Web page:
We empirically investigate whether corporate governance structure is different between focused and diversified firms, and whether any differences in corporate governance are associated with the value loss from diversification. We find that, relative to focused firms, CEOs in diversified firms have lower stock ownership and lower pay-for-performance sensitivities. Diversified companies, however, have more outside directors, no difference in independent block-holdings, and sensitivity of CEO turnover to performance similar to that in single-segment firms. Moreover, we find no compelling evidence that internal governance failures are associated with the decision to diversify, or that governance characteristics explain the value loss from diversification. Our findings suggest that diversified firms use alternative governance mechanisms as substitutes for low pay-for-performance sensitivities and CEO ownership. We conclude that agency costs do not provide a complete explanation for the magnitude and persistence of the diversification discount.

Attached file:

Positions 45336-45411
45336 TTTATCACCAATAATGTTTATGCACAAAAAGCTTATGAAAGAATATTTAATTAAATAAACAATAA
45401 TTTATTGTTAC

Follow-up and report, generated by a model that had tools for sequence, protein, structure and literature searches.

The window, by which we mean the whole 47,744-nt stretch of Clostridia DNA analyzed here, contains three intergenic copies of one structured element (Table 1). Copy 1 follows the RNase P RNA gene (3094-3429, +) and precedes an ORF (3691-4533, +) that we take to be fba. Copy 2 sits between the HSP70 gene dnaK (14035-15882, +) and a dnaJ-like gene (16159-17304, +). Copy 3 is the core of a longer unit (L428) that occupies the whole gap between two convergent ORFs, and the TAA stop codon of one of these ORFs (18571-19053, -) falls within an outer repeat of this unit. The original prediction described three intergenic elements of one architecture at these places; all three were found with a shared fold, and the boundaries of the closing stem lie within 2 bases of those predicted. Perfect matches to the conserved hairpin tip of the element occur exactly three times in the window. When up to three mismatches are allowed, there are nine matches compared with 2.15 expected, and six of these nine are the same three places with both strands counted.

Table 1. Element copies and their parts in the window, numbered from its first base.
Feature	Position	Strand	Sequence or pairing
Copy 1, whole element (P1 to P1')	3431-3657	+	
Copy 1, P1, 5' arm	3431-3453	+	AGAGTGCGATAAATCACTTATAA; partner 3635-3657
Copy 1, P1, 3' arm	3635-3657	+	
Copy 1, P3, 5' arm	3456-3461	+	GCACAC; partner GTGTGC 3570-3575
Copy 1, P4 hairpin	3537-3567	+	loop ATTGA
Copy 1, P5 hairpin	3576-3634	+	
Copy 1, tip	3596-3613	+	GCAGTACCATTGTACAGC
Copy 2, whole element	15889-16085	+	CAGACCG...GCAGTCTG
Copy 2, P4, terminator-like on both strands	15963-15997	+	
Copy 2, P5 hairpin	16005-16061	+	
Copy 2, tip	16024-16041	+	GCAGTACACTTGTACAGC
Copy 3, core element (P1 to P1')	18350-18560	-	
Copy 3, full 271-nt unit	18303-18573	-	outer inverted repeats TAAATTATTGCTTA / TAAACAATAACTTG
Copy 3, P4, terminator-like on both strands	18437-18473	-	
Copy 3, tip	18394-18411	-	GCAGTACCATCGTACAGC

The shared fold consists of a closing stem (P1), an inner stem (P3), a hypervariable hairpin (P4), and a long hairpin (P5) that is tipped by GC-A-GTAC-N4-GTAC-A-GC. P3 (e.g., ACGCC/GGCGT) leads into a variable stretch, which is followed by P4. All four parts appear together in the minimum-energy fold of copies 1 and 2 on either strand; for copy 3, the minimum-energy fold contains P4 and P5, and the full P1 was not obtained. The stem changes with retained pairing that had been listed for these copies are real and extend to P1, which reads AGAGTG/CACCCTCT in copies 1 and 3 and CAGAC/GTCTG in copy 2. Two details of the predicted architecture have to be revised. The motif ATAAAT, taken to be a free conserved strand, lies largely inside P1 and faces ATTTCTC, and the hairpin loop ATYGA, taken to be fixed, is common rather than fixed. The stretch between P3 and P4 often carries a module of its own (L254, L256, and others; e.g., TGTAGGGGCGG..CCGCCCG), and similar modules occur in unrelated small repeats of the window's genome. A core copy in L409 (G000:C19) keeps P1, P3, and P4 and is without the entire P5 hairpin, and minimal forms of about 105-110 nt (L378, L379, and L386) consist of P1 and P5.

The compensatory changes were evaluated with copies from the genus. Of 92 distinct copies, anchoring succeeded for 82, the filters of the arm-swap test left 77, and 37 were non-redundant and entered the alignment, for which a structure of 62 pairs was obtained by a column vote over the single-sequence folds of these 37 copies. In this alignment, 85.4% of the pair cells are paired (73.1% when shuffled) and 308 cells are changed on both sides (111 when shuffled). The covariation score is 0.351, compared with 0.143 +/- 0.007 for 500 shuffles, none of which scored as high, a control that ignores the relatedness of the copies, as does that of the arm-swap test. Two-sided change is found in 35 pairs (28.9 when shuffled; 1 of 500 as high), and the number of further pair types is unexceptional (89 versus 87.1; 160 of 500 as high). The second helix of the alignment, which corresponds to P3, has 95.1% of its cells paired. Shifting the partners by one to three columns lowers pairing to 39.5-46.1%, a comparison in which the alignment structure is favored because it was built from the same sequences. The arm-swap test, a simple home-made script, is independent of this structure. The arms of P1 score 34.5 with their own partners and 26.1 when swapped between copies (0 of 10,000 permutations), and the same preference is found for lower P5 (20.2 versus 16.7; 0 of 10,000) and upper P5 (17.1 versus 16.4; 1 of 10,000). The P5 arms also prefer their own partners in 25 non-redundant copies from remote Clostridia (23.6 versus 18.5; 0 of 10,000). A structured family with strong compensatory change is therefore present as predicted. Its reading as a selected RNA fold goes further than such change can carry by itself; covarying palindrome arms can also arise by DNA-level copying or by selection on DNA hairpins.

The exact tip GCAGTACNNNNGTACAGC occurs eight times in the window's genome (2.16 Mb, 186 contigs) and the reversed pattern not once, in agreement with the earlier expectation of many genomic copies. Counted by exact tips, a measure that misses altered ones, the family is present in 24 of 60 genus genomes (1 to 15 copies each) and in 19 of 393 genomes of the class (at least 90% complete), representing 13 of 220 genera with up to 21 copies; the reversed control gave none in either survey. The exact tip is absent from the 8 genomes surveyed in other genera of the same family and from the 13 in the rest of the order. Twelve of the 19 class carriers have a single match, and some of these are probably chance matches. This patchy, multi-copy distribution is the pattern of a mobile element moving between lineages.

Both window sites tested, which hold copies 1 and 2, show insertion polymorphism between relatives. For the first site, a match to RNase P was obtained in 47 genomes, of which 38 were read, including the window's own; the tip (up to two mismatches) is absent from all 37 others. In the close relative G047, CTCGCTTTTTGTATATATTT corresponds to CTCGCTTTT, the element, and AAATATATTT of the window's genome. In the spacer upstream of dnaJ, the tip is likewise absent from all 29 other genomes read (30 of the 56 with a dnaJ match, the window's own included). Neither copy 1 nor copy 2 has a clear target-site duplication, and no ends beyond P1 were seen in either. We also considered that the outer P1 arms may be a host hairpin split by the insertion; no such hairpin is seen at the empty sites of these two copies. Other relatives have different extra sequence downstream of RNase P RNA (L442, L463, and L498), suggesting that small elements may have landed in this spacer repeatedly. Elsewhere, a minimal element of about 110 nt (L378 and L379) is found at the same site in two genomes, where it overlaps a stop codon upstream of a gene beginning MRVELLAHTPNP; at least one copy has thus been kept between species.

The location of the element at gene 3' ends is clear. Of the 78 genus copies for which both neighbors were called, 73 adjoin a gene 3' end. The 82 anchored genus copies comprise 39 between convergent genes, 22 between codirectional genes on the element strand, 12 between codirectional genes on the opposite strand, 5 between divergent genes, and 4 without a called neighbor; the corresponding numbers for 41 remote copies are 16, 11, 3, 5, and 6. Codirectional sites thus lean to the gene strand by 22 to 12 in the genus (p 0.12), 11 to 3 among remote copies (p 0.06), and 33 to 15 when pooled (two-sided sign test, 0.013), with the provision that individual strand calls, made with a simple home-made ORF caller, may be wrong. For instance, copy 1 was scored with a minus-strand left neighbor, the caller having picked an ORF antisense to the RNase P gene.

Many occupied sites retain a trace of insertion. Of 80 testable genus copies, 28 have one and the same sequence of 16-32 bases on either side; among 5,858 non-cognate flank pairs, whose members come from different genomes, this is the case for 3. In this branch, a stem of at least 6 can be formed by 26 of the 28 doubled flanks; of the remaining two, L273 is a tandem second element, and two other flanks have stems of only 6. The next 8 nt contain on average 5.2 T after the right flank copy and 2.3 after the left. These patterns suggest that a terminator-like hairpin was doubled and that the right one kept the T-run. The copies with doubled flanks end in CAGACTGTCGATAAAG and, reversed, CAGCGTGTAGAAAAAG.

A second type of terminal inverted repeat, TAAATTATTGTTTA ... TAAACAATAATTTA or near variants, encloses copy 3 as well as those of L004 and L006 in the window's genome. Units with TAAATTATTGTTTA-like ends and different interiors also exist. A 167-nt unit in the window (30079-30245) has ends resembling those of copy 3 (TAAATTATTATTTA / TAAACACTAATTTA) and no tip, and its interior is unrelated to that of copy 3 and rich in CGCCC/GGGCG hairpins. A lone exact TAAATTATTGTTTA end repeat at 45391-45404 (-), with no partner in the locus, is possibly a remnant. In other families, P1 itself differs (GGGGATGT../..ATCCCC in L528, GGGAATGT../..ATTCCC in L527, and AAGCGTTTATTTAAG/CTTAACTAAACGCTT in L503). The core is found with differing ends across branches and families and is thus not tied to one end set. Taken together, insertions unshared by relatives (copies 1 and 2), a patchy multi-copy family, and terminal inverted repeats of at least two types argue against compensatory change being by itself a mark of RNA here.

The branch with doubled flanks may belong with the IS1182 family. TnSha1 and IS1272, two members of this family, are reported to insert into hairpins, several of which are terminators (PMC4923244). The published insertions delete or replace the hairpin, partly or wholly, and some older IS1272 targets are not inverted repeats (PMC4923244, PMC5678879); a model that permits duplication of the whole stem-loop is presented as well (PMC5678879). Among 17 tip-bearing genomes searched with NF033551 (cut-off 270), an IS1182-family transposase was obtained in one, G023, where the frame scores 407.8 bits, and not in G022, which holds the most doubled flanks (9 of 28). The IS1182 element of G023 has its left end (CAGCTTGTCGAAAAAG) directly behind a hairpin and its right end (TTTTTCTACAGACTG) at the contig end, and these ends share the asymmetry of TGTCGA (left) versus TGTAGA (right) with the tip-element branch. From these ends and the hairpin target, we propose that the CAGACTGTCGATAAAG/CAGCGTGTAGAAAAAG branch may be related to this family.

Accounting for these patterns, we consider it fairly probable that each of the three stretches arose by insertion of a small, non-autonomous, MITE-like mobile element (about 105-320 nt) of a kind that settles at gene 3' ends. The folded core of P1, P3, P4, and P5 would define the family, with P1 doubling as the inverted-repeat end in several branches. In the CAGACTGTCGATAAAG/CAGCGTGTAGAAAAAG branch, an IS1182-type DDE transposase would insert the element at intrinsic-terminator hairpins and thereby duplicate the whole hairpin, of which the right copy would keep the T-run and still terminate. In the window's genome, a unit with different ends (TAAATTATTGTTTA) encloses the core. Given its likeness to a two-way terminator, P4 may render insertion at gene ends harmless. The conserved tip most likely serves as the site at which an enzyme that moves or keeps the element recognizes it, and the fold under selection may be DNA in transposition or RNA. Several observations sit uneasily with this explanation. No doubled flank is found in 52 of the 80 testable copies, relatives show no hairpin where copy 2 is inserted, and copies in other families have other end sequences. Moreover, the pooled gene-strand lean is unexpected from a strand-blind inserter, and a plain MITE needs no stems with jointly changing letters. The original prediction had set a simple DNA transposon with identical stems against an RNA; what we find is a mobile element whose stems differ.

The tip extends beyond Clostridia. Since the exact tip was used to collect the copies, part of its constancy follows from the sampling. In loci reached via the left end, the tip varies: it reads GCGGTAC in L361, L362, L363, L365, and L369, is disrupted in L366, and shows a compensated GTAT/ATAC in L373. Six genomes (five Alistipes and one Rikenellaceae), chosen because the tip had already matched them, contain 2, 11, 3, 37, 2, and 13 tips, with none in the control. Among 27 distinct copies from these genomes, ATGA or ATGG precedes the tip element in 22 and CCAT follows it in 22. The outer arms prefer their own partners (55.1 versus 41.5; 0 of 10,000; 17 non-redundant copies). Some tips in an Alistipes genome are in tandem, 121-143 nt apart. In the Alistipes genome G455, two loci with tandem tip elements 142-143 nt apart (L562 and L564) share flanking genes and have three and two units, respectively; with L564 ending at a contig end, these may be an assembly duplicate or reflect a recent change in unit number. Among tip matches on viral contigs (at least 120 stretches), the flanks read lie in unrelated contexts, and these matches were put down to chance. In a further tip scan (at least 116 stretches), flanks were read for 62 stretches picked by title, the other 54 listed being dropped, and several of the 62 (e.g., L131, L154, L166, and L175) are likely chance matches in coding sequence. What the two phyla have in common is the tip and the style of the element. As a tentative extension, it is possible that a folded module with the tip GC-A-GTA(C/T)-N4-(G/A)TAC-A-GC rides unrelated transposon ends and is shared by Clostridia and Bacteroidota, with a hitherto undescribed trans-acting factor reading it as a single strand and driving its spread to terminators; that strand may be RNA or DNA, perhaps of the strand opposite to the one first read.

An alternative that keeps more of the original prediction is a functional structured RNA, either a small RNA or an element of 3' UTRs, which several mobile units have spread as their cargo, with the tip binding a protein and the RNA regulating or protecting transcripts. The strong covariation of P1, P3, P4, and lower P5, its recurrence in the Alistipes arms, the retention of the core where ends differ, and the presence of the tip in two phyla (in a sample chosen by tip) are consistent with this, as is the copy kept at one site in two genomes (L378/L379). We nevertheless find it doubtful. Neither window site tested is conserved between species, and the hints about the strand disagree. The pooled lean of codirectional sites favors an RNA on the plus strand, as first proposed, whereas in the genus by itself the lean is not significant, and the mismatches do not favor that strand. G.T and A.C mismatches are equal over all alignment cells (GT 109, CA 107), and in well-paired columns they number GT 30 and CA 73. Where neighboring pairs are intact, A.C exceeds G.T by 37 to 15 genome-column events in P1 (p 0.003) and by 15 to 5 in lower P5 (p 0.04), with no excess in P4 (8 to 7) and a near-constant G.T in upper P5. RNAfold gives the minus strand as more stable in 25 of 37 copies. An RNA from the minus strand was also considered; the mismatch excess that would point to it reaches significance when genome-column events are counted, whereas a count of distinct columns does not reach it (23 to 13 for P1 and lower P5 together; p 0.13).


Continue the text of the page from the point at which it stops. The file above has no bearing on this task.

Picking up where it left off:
|Original language||English (US)|
|Number of pages||18|
|State||Published - 2000|
ASJC Scopus subject areas
- Economics and Econometrics